On July 10, 2024

Thick heavy water

A closeup of beautiful texture of the water waver in the sea

It weighs on my chest, pressing downward with a force I never quite realized before. Each breath into my lungs feels slow, like I have to force the oxygen into my body rather than it just seeping in like normal. It’s heavy, this burden. The air is so thick it feels as though you are moving through water, almost needing your arms to move the moisture aside.

You think the air is thick and heavy? The water is even heavier. Each stroke with the paddle feels like I am enduring a weight lifting session. The weight of the air on the water compresses the pond and I feel like the water in denser than it was before. I don’t now if that’s a thing, but I do know that water always feel lighter in the crispy, cool air of fall and in the midst of the Vermont Rainforest July, that water is not moving!

But how awesome have the clouds been? Just sitting there, doing all kinds of crazy weird things but not moving at all. I tried to take a photo of the loon family on Woodard Reservoir the other day. 2-week-old babies came swimming by us between their parents in a very tight formation. In my attempt to photography them, all I got was stunning mirror reflection of the clouds and no loons at all.

At least the water is flat. Like glass, but not the dainty kind. The big thick glass. More like transparent aluminum. The kind that doesn’t shatter when you drop it or strike it with your paddle. The blade doesn’t fall into the water. It sinks, slowly. Like some kind of egg drop soup. I don’t enjoy egg drop soup…

Even the wind cannot make the water ripple, and so my canoe glides through the flat water slower than usual but just as sexy. Slow & Sexy. That is definitely how the water feels under the hull. Like I’m not in the water, but sitting on top of it. Moving forward, but slower. Giving me the opportunity to focus on all the small twitch muscles that are usually so overworked by thin water.

But it’s peaceful out here, while everyone hides in their air conditioning. I mean, granted that I am sweating about 25 strokes in and wondering why I thought paddling in the middle of the day was going to be a good idea. I mean, it’s water so it should be cooling, right? Yeah, not so much when the sun is simply boiling all of us. Like seriously, the air is so moist and the water in it so hot, it feels like we have just been cooked alive.

I worked my bartending shift at Baja on Sunday night and I want to give a huge shoutout to everyone who was has been working through this obnoxious heat. To the road crew teams out shoveling and paving as they are sandwiched between two brutal heat sources. To the restaurant teams who are sweating on the job even in the middle of winter. To the construction crews sweating to death on top of a roof, their feet probably on fire through their soles on top of the asphalt. To the farmers that don’t hesitate to tend to their crops and feed us even as they fight to keep their lettuce from frying in the hot sun.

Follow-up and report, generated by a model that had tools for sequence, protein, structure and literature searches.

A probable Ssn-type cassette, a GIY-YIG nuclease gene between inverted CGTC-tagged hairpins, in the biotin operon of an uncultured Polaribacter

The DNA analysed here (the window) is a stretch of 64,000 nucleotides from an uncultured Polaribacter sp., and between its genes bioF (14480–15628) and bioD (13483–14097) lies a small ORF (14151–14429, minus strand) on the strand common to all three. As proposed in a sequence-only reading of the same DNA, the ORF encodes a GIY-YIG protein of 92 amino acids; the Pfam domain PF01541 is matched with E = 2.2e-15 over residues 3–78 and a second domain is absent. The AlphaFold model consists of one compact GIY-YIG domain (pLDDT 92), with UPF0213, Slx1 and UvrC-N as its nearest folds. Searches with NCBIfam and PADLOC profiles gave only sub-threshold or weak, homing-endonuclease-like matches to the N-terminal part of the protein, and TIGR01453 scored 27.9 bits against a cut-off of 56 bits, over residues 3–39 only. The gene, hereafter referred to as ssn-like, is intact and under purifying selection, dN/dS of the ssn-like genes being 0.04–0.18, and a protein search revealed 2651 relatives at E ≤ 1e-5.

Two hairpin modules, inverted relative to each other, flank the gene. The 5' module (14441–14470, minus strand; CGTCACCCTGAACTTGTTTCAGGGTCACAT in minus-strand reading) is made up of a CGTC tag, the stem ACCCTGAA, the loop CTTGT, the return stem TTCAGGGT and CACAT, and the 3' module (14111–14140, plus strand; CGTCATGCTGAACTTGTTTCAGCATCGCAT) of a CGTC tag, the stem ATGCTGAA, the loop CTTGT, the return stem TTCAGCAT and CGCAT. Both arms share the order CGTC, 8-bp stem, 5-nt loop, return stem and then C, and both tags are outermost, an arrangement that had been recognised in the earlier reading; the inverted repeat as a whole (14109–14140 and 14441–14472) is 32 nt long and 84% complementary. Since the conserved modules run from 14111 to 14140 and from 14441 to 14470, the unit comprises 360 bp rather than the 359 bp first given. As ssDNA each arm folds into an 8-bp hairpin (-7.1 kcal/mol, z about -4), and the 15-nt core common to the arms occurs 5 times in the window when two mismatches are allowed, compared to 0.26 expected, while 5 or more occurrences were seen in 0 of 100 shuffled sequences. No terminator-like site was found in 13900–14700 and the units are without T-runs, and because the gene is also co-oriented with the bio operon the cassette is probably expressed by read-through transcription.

Obviously, I am a winter girl. 

I’ve been hiking the trails at dawn and dusk lately, transporting myself to the days where I’m skinning up the mountain. I can feel my body slipping into the same movement patterns, can almost feel my skins sliding up the mountain beneath me. Yes, I am that crazy girl that starts drylands training in July, exactly one month after my last day on skis.

I cannot believe it’s so hot that I’m dreaming about skiing already. And not just dreaming. I can feel my body making the movements. It’s not just being surrounded by the pure white of snow in such a high contrast to the lush greens of summer. I LOVE summer! I love the greens and exploring in the woods and hiking on the trails. It’s just that I am so damn hot that my mind is relocating itself to the cool days.

Last night we were all sitting in front of the fire at Marylou’s wondering why we would submit ourselves to the proximity of the pizza oven. But we all really knew. Because we are the children of winter and you just can’t keep us away from a good fire.

And so I am going to go home, sit in my beautifully air conditioned home, put on a nice thick sweatshirt, bask in the coldness and just think about winter. And snow. And skiing. Only four months of drylands training left to go.

Merisa Sherman is a long time Killington Resident, town lister and member of the Development Review Board, Coach PomPom and associate broker at Four Seasons Sotheby’s International Realty. She can be reached at merisa.sherman@sothebysrealty.com.

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